I can only hope Bobb Barr wins the nomination, he would start with all the Ron Paul supporters which is a great start. Polling 2% without having spent any money and not even be the nominee at this point is great ! At the same time it is great to see Ralph Nader getting respect at 3% . After all Nader is looking to be on less than 35 ballots this 2008 election. These are the only 2 options that are viable for this 2008 election if you are not voting for the duopoly. Nader and Barr’s numbers are sure to increase once we are down to 2 candidates in this Duopoly.

  24. Mike Gillis Says:

    Nader has started on his ballot access far earlier than he did in 2004, as he didn’t have a possible Green endorsement up in the air this time around.

    He’s on track to be on more ballots this time around, from an earlier start, experience fighting challenges from last time around and he seems to be avoiding the dirty tricks campaigns of the Democrats from 2004 - and the Obama/Clinton fighting is giving him alot of cover to just petition in peace, without legal challenges or harrassment campaigns.

    Already he’s very likely to be on one ballot he didn’t get on in 2004: Hawaii. And he’s very likely to be on the New Mexico ballot and is fighting hard for Arizona, Pennsylvania and Florida as we speak.

    If this continues, I could see him getting on at least 40 ballots. Which isn’t bad at all, considering that he’s starting at zero and the LP starts at about 20 at the starting line.

  25. Eric Dondero Says:

    Umm, well I guess some doubters owe the rest of us who’ve been saying a Barr candidacy could bring the LP “millions of votes” an apology.

    Thomas Knapp, you’re first in line. You’ve been awfully cynical about Barr.

    Now we have solid proof he’s polling 2%. That translates to about 2.5 to 2.8 million votes.

    That’s almost three times as much as Ed Clark in 1980.

    Now does anyone here seriously believe that Mary Ruwart, or Steve Kubby could rack up such numbers?

  26. Eric Dondero Says:

    Ballot access questions.

    Will it be possible for Barr (or Root) to be on in Oklahoma as a write-in candidate?

    Also, what about Puerto Rico and Guam? If the LP nominee gets on in PR and/or Guam, that sort of makes up for OK.

    And y’all think about this. Won’t Oklahoma be shamed if it is the ONLY state in the Nation to not allow its citizens to vote for the Libertarian Party?

  27. Mike Gillis Says:

    As far as I know, OK is one of the few places that disallows write-in votes. You either vote for the duopoly candidates or no one at all.

  28. Andrew Taylor Says:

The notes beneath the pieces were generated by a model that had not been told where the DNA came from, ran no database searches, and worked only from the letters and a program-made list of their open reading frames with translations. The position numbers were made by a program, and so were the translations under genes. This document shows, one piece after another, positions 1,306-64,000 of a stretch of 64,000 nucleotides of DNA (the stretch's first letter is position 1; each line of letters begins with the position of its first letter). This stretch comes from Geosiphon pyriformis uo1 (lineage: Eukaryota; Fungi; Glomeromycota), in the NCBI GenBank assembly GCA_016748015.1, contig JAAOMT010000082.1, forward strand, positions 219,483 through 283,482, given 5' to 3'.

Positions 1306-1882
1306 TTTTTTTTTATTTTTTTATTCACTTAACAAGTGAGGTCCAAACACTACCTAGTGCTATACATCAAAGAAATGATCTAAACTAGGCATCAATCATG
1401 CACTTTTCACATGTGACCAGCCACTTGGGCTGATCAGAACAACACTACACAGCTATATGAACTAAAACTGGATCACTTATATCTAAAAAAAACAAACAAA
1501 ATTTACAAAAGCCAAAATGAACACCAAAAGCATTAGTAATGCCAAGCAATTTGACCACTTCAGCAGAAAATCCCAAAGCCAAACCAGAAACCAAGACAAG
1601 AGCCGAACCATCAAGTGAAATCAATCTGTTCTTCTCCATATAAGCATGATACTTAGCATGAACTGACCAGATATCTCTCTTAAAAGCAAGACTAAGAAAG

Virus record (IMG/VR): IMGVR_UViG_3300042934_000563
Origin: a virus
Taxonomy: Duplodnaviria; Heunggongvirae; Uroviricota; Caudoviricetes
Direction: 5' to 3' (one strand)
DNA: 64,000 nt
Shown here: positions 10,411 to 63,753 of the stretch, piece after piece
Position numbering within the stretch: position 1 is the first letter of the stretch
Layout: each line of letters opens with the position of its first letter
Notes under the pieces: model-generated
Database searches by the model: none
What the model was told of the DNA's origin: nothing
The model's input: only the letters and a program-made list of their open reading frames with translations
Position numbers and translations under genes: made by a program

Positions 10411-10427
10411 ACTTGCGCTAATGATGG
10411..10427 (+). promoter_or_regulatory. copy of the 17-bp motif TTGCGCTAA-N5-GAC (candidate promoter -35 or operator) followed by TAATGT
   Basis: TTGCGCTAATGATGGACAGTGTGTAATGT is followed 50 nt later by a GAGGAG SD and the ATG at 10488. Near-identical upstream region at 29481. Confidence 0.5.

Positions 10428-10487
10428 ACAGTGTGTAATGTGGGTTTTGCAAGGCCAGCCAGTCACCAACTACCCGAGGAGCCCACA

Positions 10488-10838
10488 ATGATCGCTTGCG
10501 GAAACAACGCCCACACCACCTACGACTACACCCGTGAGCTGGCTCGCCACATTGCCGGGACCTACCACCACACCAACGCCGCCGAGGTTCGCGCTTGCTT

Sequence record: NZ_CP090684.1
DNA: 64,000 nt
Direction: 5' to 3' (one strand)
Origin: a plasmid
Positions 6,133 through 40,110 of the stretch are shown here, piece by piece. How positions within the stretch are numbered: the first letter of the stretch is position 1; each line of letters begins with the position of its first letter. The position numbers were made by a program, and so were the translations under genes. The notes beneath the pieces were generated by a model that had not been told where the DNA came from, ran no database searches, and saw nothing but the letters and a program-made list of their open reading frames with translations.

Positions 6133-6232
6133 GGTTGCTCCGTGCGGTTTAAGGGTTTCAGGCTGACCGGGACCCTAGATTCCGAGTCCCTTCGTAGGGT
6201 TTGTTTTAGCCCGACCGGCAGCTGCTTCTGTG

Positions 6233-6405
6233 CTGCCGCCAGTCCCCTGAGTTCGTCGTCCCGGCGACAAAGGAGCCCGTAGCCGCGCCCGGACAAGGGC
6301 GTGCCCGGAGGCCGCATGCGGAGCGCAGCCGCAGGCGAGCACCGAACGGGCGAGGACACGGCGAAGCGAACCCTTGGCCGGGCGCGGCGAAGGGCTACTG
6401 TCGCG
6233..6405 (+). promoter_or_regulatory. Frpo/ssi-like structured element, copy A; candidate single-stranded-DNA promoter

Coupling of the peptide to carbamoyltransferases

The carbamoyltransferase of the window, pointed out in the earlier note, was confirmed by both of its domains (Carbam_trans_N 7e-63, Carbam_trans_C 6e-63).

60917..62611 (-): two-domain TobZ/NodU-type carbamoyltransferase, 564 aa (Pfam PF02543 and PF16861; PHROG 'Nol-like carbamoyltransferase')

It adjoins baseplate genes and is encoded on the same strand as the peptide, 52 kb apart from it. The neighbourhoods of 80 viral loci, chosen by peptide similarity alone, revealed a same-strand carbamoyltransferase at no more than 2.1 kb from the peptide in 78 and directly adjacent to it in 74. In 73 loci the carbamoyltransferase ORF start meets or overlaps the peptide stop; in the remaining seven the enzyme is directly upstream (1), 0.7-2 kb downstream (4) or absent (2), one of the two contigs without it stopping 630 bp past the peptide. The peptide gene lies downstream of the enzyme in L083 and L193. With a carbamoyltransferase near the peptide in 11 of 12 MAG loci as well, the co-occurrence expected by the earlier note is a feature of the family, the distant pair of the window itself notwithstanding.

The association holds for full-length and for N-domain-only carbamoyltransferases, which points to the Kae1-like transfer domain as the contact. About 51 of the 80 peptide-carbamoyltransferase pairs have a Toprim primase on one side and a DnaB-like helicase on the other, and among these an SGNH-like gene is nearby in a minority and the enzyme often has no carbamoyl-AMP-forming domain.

“And y’all think about this. Won’t Oklahoma be shamed if it is the ONLY state in the Nation to not allow its citizens to vote for the Libertarian Party?”

    Oklahoma already has plenty to be ashamed about, starting with its idiot, knuckle-dragging senior U.S. senator, Jim Inhofe, and a moron in the state legislature named Sally Kern, who recently declared that homosexuals were—I kid you not—a greater threat to America than “radical Islamic terrorists.” After she received much-deserved national contempt and scorn, more than 1,000 people (yes, you read that right) packed the Oklahoma state capital in support of her.

    And, if you haven’t already guessed, both of these miscreants are members of Mr. Dondero’s party, the GOP.

    I seriously doubt that the mouth-breathing simpletons of Oklahoma are going to lose any sleep over keeping the LP, and every other third party, off of their ballot.

  29. Robert Milnes Says:

    Sobriquet, interesting. Tom Knapp & I have discussed this for about 5 years now. The Gravel campaign should seek our aqdvice.

  30. Mike Gillis Says:

    Still though, the non-mouth breathers deserve a candidate to vote for, too.

  31. Robert Milnes Says:

    This also doesn’t take into account that there will be a green & cp nominee.

  32. Yank Says:

    Why are so many libertarian women without asses? Where are the libertarian women with ass?

  33. G.E. Says:

    Yank - Have Milnes tuck in his wang for you and turn around. He gets plenty of practice in front of his mirror, pretending to do the nightly news.

  34. Yank Says:

    G.E. must be a tit man.

  35. Yank Says:

    Name one libertarian with a good ass.

  36. Dave Williams Says:

    Yank go here!! http://www.angelakeaton.com/about

  37. Dave Williams Says:

    G.E. Says:
    April 17th, 2008 at 12:30 am

    Yank - Have Milnes tuck in his wang for you and turn around. He gets plenty of practice in front of his mirror, pretending to do the nightly news.

    LOL

  38. Dave Williams Says:

    “And, if you haven’t already guessed, both of these miscreants are members of Mr. Dondero’s party, the GOP.”

    A.T.,
    That is one of my biggest pet peeves with that party…the bigotry knows no bounds. And it’s not only directed at Gay’s, look at the crap Romney had to put up with about his religion…I’m an atheist and even I thought it was a fucking disgrace.

  39. Thomas L. Knapp Says:

    Eric,

    “Thomas Knapp, you’re first in line. You’ve been awfully cynical about Barr.

    “Now we have solid proof he’s polling 2%. That translates to about 2.5 to 2.8 million votes.”

    I don’t have any basis for comparison, since I don’t know of any nationwide polling of prior LP candidates at this point in the election cycle.